A good cookery book is for life, not just for Christmas. Fifty years ago many people had just one cookery book, and in Italy it would have been The Silver Spoon (Phaidon, £24.95). Now translated into English (with an appendix of recipes by modern celebrity chefs) it is the vast cookery book that almost every Italian bride has been given since its publication in 1950. And no doubt the bride felt modern and somewhat iconoclastic, turning her back on the regional and local specialities of her black-clad nonna for the wider possibilities of cooking from all over Italy, even including a certain international hotel element. The book is described on its cover as ‘the bible of authentic Italian food’, so it is odd to see among its 2,000 recipes such dishes as Russian salad, aspics with carrot flowers and gherkin leaves or a smoked salmon quiche — and no lardo di Colonnata. It is hard to judge such a huge enterprise, but I did notice some sloppy proof-reading in one dish I wanted to try; the recipe for duck with figs suggests you use 2.5 kilos (5 lbs) of fruit for four people — about 15 figs per person. Luckily there is a photograph of this dish showing just five figs.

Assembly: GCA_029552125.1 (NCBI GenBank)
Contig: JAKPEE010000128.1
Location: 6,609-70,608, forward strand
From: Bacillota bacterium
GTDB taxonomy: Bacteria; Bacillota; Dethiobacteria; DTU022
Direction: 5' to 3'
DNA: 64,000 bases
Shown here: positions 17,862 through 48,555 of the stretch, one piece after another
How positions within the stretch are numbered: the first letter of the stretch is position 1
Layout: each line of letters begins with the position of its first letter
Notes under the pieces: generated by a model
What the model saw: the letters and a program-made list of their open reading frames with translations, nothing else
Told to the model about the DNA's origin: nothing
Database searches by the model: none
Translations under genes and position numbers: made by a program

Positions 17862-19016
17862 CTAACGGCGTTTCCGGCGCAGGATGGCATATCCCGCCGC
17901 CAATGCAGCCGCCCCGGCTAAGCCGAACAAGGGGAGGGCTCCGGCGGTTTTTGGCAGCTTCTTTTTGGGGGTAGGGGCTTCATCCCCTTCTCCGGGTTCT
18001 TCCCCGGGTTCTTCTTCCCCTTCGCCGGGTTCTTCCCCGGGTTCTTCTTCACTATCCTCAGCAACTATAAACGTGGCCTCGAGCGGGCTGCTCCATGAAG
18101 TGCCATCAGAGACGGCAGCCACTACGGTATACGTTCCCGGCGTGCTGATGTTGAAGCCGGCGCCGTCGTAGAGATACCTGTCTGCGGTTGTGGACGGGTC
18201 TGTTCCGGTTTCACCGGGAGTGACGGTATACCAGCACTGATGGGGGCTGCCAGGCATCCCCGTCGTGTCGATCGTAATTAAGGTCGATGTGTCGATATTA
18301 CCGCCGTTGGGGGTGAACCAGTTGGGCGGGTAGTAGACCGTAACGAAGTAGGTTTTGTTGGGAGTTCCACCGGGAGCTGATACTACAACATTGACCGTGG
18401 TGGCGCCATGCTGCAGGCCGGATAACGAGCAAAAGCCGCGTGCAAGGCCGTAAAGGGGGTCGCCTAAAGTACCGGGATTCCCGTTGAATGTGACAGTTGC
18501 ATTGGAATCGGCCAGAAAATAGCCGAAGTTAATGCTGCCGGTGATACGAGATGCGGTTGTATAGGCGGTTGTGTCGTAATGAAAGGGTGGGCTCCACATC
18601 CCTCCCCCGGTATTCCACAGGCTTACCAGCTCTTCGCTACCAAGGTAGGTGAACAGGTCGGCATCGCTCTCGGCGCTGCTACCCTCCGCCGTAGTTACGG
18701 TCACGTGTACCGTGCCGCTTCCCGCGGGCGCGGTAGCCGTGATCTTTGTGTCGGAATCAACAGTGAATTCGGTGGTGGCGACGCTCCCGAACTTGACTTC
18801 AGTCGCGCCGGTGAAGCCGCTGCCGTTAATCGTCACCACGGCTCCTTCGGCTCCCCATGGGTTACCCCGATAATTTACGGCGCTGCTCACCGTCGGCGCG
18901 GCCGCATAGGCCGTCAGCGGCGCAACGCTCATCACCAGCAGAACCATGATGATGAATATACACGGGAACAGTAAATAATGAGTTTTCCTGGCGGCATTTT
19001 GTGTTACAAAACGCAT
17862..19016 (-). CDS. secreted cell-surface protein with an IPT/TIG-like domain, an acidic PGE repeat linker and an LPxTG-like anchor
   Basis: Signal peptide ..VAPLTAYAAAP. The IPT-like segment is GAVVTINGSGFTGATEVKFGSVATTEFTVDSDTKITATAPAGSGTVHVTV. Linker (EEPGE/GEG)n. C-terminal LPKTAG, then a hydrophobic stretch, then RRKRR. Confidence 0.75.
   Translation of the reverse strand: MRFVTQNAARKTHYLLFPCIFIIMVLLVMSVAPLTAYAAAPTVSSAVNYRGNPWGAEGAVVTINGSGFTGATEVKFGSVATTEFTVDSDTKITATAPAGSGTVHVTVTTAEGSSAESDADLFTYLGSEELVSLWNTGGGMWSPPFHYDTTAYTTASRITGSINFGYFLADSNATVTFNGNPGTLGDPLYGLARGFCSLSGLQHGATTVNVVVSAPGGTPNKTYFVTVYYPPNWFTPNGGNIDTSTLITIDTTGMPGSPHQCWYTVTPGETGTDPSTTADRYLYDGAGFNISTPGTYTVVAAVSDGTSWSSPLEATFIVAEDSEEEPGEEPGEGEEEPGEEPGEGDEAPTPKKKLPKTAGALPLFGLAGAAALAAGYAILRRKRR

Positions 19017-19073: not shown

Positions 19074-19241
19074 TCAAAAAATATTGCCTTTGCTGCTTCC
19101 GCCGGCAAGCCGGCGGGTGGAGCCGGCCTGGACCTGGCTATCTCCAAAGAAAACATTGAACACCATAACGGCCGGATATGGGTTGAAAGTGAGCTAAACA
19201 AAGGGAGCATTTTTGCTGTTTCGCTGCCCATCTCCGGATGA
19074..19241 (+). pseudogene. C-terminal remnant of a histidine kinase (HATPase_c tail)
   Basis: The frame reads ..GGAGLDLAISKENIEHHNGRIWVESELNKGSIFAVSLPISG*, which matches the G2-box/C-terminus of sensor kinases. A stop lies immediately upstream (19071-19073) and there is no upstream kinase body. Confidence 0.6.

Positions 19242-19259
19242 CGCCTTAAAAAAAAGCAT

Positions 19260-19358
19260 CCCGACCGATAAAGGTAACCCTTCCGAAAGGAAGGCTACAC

Antonio Carluccio’s Italia (Quadrille, £25) favours quality over quantity and paints a faithful culinary portrait of each region, with its defining recipes, lists of wines and other specialities. Some of the recipes call for ingredients we cannot find in Britain (for example a salad of newborn fish, looking like tiny white rubber bands, which must set back the cause of fish stock conservation by decades), but those we can make are well chosen classics. The layout and design of the book and above all Alastair Hendy’s superb photography of food, places and people make this a book for Christmas and for life.